Just when I was on the verge of writing a post titled “Jeb Bush: The Voice of Reason”, however, Bush couldn’t help but remind us that he’s still running in a primary race that has become little more than a clown car of hate. Asked to clarify and defend his use of the term “anchor babies” — a term referring to the US-born children of immigrants who have American citizenship by birthright, and a phrase that is implicitly racist and derogatory when used by Republicans — Bush told a reporter yesterday that he doesn’t use the phrase in reference to Latino immigrants.
According to Bush, the problem is Asians.
Asian Americans voters are America’s fastest growing population of voters, growing from 1.6% of registered voters in 1996 to 3.4% in 2012. Not only are we a sizable share of the electorate but we often cast our ballots as a unified voting bloc: in 2008 and 2012, nearly three quarters of voters cast their ballot for President Barack Obama in the general election, and in many states, Asian American votes might well have swung the election outcome.
Despite the Asian American community’s strong turnout for a Democratic candidate in the last two general presidential elections, the Asian American electorate is also unique in that it remains uncommitted to either of this country’s two major political parties. In California, for example, one fifth of Asian American voters describe themselves as politically unaffiliated despite their typically left-leaning politics, and in Texas, Asian American voters are equally divided between Democrats, Republicans, and unaffiliated voters. These electorate characteristics have led many politicos to speculate that the Asian American vote may be a “persuadable” electorate, amenable to being wooed and won by either party.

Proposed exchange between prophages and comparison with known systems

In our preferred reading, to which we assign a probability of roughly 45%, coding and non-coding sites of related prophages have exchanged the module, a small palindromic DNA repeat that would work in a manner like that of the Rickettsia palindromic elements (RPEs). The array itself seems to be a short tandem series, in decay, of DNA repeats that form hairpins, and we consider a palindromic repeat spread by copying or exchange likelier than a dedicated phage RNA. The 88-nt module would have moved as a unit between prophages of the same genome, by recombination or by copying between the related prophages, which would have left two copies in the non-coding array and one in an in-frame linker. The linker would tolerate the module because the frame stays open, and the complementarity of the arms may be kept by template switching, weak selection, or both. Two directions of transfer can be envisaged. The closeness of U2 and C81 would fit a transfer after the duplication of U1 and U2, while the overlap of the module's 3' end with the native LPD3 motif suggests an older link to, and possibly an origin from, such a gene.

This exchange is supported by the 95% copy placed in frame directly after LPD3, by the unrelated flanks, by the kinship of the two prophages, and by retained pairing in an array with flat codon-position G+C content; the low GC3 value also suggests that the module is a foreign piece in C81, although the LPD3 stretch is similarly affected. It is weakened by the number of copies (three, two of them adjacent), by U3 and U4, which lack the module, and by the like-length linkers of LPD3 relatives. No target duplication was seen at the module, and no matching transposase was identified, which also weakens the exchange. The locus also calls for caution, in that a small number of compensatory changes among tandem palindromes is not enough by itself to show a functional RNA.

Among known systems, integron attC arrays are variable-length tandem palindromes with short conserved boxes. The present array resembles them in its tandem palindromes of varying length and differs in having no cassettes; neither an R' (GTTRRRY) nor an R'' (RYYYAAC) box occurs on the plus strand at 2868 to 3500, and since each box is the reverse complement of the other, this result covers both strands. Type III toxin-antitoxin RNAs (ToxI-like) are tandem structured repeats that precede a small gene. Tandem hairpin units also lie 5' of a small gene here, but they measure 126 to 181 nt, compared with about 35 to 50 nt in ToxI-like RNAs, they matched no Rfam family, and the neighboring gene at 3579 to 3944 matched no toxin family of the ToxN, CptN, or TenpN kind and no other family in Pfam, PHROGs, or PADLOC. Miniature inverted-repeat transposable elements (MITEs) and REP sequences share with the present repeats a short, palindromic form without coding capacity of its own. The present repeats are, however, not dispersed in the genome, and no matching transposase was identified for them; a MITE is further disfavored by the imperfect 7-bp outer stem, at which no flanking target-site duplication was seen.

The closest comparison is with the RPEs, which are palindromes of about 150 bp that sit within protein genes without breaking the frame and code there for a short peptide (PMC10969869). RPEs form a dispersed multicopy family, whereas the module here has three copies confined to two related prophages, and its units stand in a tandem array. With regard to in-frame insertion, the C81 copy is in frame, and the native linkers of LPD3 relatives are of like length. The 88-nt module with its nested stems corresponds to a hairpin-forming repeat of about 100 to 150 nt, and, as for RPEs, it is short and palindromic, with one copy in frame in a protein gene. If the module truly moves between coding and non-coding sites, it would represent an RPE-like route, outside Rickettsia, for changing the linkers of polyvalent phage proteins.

When we were freshmen first entering Cornell, an older student told Snoopy in a dubious effort to introduce us to the realities of campus life, “expect that not everyone in your class is going to make it with you to graduation day.” By this, he meant to prepare us for the eventuality that someone we knew would die by suicide in the four years we would be students at Cornell.
To this day, my friend’s advice still strikes me as disturbing. It bothers me not necessarily because it was untrue — indeed, Cornell has a reputation (perhaps unfairly earned) of an abnormally high on-campus suicide rate, and his words did end up being prophetic for me — but because of the cavalier manner by which they were spoken. This senior student (whom I still count as a friend, by the way) issued this warning almost dismissively; as if he had become jaded on the topic of suicide; as if he believed some baseline rate of suicide deaths should be expected; as if he thought the on-campus suicide rate statistic should just be overlooked; as if he felt that losing a classmate by suicide should be unremarkable.
The loss of a person’s life should never be treated as unremarkable. Yet, too often, that is exactly the kind of treatment that Asian American student victims (as well as other student of colour victims) of suicide face in the mainstream coverage of the larger issue of on-campus suicide. Too often, the intersection of racial identity with on-campus mental health is overlooked, and so the many Asian American student victims (and other student of colour victims) of suicide are rendered invisible.